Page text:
When asked why I moved to Tacoma, Washington, when I was 21 and left Minnesota where I grew up, I usually respond by saying I did not like the cold weather. While that answer is true, there is more to this story than simply wanting to live in a warmer climate. Something happened that motivated me to come to that decision.
I was living in St. Paul, Minnesota, where I rented a room from Mrs. Ella Duesterhoeft. She was a wonderful landlady–just like a grandmother to me, so I was happy and content living there for a few years.
Ella’s neighbor, Mrs. Bridger, was a lifelong friend, and she often came over to visit. On nice days, Ella and Mrs. Bridger sat on the long porch in front of Ella’s big old house and they often reminisced about their past. As these two old ladies rocked back and forth telling stories about their past, the writer in me would sit on the steps and listen because I thought some of their stories were rather interesting.
As I listened, it occurred to me that Mrs. Bridger’s entire life was determined by other people because she had not made any decisions of her own. She talked about having several opportunities to go on various adventures throughout her youth, but she never did go because she always worried it might be a mistake. Now she wondered if it would have been a fun experience or not. Now she wondered what it would have been like. At 18 her husband asked her to marry him but she thought she might be more in love with another man so she didn’t know what to do. She could not make up her mind which man to marry because she was so afraid of making a mistake. So she even allowed her mother and other family members to tell her which man to marry. “Marry Kenny,” they said, and so she did. Now she wondered what life might have been like if she had married the other man.
Suddenly, I had a moment of epiphany. Mrs. Bridger was so afraid of making a mistake that she ended up making the biggest mistake of all–she failed to make any of her own decisions. She did not know what might have been because she failed to take an active role in her own life. It struck me how very sad it was that near the end of her life, she now wondered if something would have been good or bad. Instead of making life happen, she just let life happen to her.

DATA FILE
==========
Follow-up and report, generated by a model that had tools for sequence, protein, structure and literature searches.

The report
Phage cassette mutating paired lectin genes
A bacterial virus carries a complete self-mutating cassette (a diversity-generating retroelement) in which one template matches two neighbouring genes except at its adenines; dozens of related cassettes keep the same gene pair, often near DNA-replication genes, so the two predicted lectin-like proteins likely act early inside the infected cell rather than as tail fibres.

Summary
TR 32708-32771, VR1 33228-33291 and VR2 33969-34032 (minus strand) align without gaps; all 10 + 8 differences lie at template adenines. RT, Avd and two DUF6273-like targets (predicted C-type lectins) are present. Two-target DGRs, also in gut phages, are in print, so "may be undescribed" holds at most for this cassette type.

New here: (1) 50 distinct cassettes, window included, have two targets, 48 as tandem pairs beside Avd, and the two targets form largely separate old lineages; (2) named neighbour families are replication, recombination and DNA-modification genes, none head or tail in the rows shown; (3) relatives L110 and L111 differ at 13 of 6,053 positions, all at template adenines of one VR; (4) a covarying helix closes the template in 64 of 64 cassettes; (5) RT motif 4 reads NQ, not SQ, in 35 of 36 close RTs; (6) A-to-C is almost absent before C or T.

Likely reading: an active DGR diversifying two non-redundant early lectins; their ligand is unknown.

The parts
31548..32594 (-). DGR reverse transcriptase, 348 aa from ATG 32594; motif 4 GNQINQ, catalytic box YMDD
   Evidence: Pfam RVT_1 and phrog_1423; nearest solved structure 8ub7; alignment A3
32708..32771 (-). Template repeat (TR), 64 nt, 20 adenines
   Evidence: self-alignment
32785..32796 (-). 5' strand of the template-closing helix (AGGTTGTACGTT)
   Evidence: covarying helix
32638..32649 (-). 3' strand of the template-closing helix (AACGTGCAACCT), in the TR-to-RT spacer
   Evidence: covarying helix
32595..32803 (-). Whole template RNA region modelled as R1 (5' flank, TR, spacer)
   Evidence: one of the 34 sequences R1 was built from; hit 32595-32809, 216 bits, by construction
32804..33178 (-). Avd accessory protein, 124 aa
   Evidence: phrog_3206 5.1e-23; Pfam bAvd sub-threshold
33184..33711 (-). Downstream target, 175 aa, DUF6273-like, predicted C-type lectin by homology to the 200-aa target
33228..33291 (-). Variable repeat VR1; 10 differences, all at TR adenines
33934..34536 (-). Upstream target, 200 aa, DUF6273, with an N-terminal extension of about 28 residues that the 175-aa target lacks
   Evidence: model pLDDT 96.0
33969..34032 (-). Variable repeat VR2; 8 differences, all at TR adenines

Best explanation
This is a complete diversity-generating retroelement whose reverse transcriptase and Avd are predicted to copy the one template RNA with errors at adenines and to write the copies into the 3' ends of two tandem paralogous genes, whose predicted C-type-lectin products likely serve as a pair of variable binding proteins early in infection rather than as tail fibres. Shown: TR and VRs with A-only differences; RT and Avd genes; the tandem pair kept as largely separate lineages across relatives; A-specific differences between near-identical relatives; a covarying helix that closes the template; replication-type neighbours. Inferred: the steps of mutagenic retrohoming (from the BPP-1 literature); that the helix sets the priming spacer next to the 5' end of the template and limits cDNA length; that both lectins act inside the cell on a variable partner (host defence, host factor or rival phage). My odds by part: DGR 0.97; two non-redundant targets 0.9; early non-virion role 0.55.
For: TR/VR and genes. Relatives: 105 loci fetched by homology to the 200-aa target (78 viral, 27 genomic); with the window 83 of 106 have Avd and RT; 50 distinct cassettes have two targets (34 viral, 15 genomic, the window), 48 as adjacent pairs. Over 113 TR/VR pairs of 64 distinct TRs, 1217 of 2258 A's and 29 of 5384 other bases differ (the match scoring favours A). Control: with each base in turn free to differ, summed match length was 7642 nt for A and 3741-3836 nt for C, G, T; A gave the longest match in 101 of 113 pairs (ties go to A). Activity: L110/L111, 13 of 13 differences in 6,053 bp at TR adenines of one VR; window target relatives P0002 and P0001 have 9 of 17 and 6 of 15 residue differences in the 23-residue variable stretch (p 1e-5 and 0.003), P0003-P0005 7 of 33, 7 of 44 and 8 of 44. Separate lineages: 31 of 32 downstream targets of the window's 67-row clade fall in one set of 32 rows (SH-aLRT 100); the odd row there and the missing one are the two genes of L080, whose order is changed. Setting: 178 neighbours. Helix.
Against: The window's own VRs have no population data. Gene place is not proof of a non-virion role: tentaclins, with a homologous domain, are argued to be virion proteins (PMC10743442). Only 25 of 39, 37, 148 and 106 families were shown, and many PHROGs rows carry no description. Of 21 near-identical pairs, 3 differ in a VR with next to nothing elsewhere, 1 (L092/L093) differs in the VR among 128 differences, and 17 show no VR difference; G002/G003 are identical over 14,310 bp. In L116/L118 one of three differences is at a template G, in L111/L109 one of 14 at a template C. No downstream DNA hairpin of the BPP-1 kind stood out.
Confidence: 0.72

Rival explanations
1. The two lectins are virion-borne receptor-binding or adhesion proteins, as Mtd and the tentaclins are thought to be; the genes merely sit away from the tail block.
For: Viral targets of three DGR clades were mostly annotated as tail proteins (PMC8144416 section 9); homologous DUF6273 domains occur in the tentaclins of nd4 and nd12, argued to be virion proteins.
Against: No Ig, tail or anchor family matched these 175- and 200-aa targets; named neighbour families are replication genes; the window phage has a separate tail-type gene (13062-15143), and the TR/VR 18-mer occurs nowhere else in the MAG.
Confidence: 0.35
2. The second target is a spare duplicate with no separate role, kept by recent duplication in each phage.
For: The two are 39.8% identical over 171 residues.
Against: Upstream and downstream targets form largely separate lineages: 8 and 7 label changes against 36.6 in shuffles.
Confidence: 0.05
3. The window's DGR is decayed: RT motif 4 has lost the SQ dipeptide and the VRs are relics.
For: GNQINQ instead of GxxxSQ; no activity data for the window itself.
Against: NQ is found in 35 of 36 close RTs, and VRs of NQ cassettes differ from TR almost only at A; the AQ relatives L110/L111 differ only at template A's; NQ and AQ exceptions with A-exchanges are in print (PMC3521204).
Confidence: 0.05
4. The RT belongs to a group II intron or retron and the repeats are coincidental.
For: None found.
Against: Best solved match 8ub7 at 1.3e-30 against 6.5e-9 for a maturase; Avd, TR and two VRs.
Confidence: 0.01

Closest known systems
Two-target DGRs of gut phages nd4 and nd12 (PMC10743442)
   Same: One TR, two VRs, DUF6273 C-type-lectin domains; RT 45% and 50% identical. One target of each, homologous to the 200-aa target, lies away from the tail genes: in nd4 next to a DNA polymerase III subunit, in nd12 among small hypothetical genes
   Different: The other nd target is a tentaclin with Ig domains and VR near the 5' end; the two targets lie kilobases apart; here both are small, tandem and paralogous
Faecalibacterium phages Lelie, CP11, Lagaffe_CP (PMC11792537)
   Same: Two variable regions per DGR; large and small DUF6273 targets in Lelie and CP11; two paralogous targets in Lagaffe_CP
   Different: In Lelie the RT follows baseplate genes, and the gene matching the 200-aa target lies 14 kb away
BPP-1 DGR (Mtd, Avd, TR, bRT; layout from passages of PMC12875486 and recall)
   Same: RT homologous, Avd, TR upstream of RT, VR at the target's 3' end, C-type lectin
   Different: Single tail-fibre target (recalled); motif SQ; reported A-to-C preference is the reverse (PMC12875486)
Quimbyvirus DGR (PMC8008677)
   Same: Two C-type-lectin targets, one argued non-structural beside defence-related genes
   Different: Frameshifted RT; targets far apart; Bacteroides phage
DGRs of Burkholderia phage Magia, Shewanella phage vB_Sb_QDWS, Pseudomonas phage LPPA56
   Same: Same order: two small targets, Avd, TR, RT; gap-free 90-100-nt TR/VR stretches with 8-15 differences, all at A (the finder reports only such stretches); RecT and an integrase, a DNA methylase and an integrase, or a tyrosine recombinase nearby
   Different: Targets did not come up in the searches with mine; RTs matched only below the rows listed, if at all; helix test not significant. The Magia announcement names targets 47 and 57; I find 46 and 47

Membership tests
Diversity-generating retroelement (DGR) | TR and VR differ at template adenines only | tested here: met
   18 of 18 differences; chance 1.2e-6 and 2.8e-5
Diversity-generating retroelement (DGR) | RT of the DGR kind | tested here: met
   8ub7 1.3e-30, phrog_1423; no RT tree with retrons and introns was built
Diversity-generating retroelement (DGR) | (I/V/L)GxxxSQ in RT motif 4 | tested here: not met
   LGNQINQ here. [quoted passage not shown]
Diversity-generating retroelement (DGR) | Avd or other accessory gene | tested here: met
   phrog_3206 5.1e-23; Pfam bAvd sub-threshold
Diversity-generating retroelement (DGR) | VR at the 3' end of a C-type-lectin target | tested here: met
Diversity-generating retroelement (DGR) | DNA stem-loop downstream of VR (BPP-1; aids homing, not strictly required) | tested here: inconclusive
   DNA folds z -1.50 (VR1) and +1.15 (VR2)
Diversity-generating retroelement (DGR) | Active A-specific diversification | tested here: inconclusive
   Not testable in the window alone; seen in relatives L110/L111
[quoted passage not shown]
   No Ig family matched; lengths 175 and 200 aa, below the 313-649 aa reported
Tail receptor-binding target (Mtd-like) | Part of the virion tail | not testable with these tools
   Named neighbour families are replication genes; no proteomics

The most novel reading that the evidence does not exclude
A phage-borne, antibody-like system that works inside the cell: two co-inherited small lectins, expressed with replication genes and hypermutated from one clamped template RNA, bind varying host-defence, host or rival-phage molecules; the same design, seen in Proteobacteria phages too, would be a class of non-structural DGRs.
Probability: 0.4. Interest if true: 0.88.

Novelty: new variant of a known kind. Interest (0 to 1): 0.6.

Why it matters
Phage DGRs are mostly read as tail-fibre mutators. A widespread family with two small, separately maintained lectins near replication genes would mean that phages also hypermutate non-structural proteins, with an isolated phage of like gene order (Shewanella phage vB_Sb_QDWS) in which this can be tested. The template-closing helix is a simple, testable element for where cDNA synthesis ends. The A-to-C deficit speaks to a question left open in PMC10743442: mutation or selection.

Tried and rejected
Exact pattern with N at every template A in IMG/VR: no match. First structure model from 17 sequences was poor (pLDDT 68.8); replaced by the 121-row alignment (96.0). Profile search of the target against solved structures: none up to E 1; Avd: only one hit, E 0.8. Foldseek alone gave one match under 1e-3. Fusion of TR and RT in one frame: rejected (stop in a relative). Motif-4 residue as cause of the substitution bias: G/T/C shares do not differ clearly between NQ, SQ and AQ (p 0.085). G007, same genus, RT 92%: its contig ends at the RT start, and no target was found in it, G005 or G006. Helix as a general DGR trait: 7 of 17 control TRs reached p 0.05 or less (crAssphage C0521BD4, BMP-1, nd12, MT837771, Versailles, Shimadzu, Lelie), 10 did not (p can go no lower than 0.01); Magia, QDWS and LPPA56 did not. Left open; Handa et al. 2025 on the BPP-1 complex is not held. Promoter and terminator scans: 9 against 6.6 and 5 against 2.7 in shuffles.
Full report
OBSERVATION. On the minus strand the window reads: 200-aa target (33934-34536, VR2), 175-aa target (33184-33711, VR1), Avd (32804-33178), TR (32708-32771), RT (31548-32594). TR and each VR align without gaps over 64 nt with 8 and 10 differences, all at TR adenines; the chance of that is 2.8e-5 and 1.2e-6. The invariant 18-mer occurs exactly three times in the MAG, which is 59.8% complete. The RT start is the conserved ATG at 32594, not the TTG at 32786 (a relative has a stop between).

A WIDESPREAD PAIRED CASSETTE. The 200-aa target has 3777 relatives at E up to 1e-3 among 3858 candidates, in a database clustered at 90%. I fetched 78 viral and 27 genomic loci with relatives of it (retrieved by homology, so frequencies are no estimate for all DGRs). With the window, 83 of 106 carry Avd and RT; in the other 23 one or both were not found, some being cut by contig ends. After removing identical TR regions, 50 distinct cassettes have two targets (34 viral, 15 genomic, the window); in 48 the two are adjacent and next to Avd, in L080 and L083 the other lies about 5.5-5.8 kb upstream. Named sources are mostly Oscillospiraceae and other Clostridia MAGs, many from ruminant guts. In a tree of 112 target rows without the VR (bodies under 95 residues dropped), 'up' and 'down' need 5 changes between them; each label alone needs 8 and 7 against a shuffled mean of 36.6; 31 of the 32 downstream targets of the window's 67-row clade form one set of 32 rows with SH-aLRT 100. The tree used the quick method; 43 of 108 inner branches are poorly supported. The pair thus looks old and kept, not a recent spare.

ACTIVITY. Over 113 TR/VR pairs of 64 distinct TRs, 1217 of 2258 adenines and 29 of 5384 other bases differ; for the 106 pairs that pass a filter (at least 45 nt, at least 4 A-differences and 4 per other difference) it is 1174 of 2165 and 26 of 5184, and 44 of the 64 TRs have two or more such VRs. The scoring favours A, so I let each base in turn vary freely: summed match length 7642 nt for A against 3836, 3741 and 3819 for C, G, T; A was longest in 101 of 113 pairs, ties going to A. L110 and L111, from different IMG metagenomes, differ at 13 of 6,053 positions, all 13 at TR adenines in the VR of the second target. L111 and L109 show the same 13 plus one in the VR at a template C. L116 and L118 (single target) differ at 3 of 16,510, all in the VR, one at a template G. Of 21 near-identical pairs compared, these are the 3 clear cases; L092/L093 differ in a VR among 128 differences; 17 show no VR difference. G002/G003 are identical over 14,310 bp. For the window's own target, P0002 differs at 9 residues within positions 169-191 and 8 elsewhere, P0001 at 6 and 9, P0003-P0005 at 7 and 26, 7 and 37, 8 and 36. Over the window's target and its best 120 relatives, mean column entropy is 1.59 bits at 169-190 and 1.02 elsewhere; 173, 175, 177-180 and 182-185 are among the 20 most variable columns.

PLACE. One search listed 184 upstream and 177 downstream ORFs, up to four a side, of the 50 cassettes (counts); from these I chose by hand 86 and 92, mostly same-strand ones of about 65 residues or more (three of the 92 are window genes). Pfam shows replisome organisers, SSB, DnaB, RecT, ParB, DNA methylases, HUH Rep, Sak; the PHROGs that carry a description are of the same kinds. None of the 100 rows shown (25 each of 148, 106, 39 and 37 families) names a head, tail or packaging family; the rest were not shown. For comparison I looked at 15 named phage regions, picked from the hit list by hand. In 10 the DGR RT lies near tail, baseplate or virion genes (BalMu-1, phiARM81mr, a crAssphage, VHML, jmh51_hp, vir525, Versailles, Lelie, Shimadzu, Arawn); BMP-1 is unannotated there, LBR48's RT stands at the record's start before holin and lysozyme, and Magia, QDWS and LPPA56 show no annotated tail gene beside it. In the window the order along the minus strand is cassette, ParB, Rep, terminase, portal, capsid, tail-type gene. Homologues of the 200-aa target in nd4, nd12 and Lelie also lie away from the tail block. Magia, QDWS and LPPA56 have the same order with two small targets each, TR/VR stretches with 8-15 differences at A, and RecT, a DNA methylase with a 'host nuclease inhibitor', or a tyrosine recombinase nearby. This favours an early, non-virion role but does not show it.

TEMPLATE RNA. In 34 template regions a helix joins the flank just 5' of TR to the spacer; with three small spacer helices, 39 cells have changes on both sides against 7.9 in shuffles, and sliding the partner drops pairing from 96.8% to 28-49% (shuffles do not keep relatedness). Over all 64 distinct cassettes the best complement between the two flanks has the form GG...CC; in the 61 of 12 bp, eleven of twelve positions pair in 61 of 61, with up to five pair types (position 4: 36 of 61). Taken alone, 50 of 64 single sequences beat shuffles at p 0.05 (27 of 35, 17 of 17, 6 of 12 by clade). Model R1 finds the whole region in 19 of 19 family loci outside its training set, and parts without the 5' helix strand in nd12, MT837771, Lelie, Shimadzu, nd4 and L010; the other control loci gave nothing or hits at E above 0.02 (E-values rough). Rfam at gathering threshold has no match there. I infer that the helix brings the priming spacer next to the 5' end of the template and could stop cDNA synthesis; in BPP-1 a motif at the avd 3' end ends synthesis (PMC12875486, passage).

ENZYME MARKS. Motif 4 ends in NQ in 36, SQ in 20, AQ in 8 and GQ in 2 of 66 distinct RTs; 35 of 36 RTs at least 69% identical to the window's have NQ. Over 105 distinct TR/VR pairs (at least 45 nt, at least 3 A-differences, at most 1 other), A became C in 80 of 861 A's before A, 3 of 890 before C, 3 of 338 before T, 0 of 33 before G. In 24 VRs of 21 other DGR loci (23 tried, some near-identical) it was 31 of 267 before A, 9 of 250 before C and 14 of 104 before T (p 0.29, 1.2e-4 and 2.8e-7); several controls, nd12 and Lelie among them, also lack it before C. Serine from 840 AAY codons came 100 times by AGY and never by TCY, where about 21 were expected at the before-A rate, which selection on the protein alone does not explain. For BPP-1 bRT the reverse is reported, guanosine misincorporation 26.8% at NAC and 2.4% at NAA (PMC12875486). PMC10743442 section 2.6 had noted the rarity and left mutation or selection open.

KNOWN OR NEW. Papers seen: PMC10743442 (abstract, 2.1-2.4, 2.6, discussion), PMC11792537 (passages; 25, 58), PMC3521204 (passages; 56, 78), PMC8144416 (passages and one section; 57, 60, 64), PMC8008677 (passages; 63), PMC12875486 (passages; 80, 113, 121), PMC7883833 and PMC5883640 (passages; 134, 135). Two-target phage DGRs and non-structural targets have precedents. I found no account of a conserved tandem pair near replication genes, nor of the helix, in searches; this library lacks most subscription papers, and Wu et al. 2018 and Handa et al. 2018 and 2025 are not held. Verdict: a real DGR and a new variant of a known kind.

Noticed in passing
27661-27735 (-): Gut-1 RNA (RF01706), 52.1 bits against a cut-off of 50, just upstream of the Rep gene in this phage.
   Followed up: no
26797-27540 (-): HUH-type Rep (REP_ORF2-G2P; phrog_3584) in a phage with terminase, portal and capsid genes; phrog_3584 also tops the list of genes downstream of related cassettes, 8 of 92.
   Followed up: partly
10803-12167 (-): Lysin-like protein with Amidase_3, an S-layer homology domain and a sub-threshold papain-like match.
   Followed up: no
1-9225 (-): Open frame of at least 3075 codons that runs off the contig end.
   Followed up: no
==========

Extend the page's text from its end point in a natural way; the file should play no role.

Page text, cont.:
I decided I never wanted to be a little old lady in a rocking chair reminiscing about my past and not knowing what might have been. I thought taking chances of making some wrong decisions would be far better than not knowing if it would have been a mistake or not.
When I’m an old lady rocking back and forth reminiscing about my life, I want to say, “I had a chance to do this, and I did it, and that was such a wonderful and exciting experience. I had a chance to do that and did it, and oh my goodness it was such a bad mistake. Good or bad, I just wanted to know. I did not want to let life happen to me. I wanted to make my life happen. I wanted to make my own decisions and take an active role in my own life. Therefore, I asked myself, “Am I just letting life happen to me? If I were to change anything about my life right now, what would I change?”
My answer: I would move to a warmer climate. If I took an active role in making my own life decisions, I knew I would not be living in Minnesota just because I was born and raised in this freezing cold place with such long, hard winters. I did not like the cold and I did not like the snow. My next question was, “If I moved out of Minnesota, where would I want to go?” I remember seeing the Seattle Space Needle in my eighth-grade geography book and I always wanted to see it. I also remember seeing pictures of Mount Rainier, and I always wanted to see that, too. I had a second cousin living in Tacoma, and she invited me to come out for a visit. Instead, I decided right then and there that I should buy a one-way ticket and move here instead.
The next day I started to pack my bags and gave my two-week notice at work. When I told my older brother (the one I call Bernie in my book), he said, “It’s not safe for you to move clean across the country to a strange city all by yourself. Did you know that’s about 2,000 miles away?” I said, “Yeah, I know, so the weather should be different there.” It is–we get rain instead of snow. Then he asked how much money I had to take with me. I said, $150.00 He said, “You are going to need more than that because you don’t even have a job yet. I said, “I type 100 words per minute, so it should not take me very long to find a job. I’ll just apply everywhere that has a typewriter.” Bernie said, that cold take a while, so I’m sending you another $200.00.” Boy, was I ever glad my brother sent me more money because it took longer for me to get a job than I thought it would. At the time, there was a Boeing strike and the job market was really scarce. In fact, the job market was so tight, I ended up going to an employment agency to get my first job, which didn’t last long. That’s another story in itself.